Grafton, Vermont and its role in BACK.
Above Photo: The White Church, Grafton (panormio)
The quiet rural town of Grafton, Vermont, plays a significant role in my Vietnam War/Adventure Backpacker crossover novel, BACK. Recently I was asked, out of all the settlements, hamlets, villages and towns of New England, why I’d chosen Grafton, and here’s the answer.
For various reasons, I needed somewhere within striking distance of Albany, New York, and also New York City, but it had to be rural, close to good hunting country and it had to be in New England. The reasons for all of these requirements are explained or apparent in the plot of BACK. (See location map at the end of this article).
I also needed there to be Civil War graves in the local cemetery, and I wanted a small, pleasant, quiet, close-knit town, with a strong sense of community and tradition, in which to set some of the action and base some of the characters in the book. More importantly, it had to be a town where I thought they would still have respect and maintain a memorial for (a fictional) person from the town who was MIA since the Vietnam War.
After a lot of research, I finally hit upon Grafton, and I’m very glad that I did, as it served me well in the novel.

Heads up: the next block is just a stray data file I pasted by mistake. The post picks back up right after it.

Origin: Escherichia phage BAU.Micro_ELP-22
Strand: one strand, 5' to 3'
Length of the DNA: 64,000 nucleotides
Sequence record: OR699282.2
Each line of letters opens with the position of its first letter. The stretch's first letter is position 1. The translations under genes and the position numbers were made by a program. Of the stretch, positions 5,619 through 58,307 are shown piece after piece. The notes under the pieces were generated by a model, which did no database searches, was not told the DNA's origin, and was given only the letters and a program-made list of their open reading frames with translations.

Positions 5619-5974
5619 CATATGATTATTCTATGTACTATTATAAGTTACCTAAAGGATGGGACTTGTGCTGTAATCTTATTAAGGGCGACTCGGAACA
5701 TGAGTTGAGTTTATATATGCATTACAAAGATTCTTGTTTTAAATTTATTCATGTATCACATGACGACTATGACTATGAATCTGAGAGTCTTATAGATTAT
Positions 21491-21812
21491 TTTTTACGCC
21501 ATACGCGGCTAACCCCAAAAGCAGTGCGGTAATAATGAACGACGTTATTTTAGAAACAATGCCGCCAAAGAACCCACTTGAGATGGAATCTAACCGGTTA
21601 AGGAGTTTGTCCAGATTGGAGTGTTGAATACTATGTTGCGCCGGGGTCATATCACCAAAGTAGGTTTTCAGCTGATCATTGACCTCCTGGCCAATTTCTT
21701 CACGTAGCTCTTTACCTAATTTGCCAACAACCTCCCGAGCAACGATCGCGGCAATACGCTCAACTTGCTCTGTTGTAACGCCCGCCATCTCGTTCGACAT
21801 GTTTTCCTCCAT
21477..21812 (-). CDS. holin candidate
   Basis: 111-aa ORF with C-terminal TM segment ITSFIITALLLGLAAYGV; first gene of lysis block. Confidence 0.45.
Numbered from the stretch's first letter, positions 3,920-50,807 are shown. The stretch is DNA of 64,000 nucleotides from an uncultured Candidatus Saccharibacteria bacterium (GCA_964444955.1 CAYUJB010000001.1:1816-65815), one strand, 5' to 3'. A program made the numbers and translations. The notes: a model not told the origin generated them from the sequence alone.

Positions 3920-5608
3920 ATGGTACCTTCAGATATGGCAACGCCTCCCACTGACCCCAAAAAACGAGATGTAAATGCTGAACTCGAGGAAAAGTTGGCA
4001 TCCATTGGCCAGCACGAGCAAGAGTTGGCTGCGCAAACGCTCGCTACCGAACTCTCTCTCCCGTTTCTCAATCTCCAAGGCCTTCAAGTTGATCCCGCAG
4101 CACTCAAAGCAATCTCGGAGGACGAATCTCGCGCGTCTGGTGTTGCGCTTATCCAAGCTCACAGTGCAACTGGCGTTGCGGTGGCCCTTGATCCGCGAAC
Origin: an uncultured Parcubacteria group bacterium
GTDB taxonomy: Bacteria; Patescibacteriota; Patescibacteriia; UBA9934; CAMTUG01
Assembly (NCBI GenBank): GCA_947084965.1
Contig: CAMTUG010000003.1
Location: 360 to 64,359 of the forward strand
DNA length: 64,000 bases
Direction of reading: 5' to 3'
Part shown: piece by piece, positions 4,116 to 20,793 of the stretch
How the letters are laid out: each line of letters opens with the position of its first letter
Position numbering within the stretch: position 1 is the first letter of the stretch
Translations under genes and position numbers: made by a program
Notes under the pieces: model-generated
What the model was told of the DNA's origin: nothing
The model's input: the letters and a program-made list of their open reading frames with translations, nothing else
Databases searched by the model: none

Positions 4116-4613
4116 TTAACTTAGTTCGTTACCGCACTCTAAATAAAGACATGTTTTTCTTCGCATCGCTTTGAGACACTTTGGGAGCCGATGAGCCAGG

Grafton was originally founded with the name ‘Thomlinson’, but renaming rights were auctioned in 1791. The high bidder, who reportedly offered “five dollars and a jug of rum,” changed the name to Grafton after his home town of Grafton Massacheusetts.
In the early 19th century, sheep raising became popular and woolen mills sprang up along the branches of the Saxtons River. Soapstone was quarried on nearby Bear Mountain. The town became a notable stagecoach hub for traffic across the Green Mountains into Albany, New York. (Meaning I chose this town well for the modern-day too).
One inn from that era, “the Old Tavern,” was founded in 1801, and it remains one of the oldest continually operating hotels in the United States.
Grafton had a population of almost 1,500 just before the American Civil War, during which the town suffered severe losses. Local cemeteries in the village hold many tombstones of casualties from the Battle of Gettysburg.
After the war, the community declined in population. The soapstone quarry became exhausted and closed late in the 19th century. Around the time of the Great Depression, the town’s population was less than 400.
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